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See also: rake-hell
From to rake (out) hell (“to search through hell thoroughly”), in the sense of a person so evil or immoral that they cannot be found in hell even after an extensive search: see rake (“to search through (thoroughly)”). Compare rakeshame.
rakehell (comparative more rakehell, superlative most rakehell)
- (archaic) Immoral; dissolute. [from 16th c.]
- 1596, Edmund Spenser, “Book V, Canto XI”, in The Faerie Queene. […], London: […] [John Wolfe] for William Ponsonbie, →OCLC:
- And farre away, amid their rakehell bands, / They spide a Lady left all succourlesse […].
rakehell (plural rakehells)
- (archaic) A lewd or wanton person; a debauchee; a rake. [from 16th c.]
- a. 1678 (date written), Isaac Barrow, “(please specify the chapter name or sermon number). Of Industry in General”, in The Works of Dr. Isaac Barrow. […], volume (please specify |volume=I to VII), London: A[braham] J[ohn] Valpy, […], published 1830–1831, →OCLC:
- It seldom doth happen, in any way of life, that a sluggard and a rakehell do not go together.
- 1725, Daniel Defoe, Everybody's Business is Nobody's Business:
- And indeed I believe the insolence of this creature will ruin her master at last, by driving away men of sobriety and business, and making the place a den of vagabonds and rakehells.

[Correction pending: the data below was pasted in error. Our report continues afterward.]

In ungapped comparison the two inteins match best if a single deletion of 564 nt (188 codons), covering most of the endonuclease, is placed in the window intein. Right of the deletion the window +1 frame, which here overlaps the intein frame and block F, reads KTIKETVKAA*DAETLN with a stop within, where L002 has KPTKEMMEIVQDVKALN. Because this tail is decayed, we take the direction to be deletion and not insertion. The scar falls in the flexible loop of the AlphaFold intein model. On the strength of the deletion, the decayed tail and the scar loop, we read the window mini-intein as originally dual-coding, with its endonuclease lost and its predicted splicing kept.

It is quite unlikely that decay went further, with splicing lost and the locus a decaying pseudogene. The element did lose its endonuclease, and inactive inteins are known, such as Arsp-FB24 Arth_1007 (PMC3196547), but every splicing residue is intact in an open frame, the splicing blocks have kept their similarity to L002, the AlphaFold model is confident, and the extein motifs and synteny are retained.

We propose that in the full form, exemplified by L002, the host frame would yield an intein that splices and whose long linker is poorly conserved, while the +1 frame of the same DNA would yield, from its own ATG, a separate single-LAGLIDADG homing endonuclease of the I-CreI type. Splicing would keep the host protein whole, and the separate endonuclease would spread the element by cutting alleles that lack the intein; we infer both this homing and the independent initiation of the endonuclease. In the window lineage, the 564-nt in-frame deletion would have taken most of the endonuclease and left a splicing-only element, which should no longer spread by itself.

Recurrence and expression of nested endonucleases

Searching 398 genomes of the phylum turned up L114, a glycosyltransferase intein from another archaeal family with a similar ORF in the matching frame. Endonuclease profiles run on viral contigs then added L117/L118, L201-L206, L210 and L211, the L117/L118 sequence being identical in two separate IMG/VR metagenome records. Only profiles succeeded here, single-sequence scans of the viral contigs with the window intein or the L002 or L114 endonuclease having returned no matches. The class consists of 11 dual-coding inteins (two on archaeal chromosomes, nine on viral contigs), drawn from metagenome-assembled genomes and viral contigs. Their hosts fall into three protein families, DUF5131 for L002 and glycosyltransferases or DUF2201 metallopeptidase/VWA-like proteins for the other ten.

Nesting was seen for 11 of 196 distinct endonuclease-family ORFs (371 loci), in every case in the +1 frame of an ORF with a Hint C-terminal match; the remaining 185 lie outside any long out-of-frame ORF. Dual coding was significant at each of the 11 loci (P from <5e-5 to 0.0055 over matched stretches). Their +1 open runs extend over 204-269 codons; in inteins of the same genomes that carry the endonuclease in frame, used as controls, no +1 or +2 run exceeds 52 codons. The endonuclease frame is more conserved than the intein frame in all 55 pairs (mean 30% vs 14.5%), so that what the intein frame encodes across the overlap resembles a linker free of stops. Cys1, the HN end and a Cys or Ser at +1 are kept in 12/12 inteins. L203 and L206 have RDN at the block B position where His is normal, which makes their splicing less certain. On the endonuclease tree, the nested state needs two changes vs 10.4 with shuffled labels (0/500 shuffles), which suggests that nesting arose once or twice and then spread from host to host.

- 1826, [Walter Scott], chapter 32, in Woodstock; Or, The Cavalier. […], volume (please specify |volume=I, II, or III), Edinburgh: […] [James Ballantyne and Co.] for Archibald Constable and Co.; London: Longman, Rees, Orme, Brown, and Green, →OCLC:
- “It is some freak of that drunken rakehell,” said Albert, in a low voice, to his sister, who had crept out after him on tiptoe.
- c. 1906, Arthur Conan Doyle, Through the Magic Door:
- A fat little bookseller in the City, a rakehell wit of noble blood, and a rugged Scotch surgeon from the navy— […]
- ^ “rakehell, adj. and n.”, in OED Online , Oxford, Oxfordshire: Oxford University Press, June 2008; “rakehell, n.”, in Lexico, Dictionary.com; Oxford University Press, 2019–2022.
- ^ “to rake (out) hell, phrase” under “rake, v.2”, in OED Online , Oxford, Oxfordshire: Oxford University Press, June 2008; “rake1, v.”, in Lexico, Dictionary.com; Oxford University Press, 2019–2022.
- Douglas Harper (2001–2023), “rakehell”, in Online Etymology Dictionary.
- [Francis] Grose [et al.] (1811), “RAKE, RAKEHELL, OR RAKESHAME”, in Lexicon Balatronicum. A Dictionary of Buckish Slang, University Wit, and Pickpocket Eloquence. […], London: […] C. Chappell, […], →OCLC.
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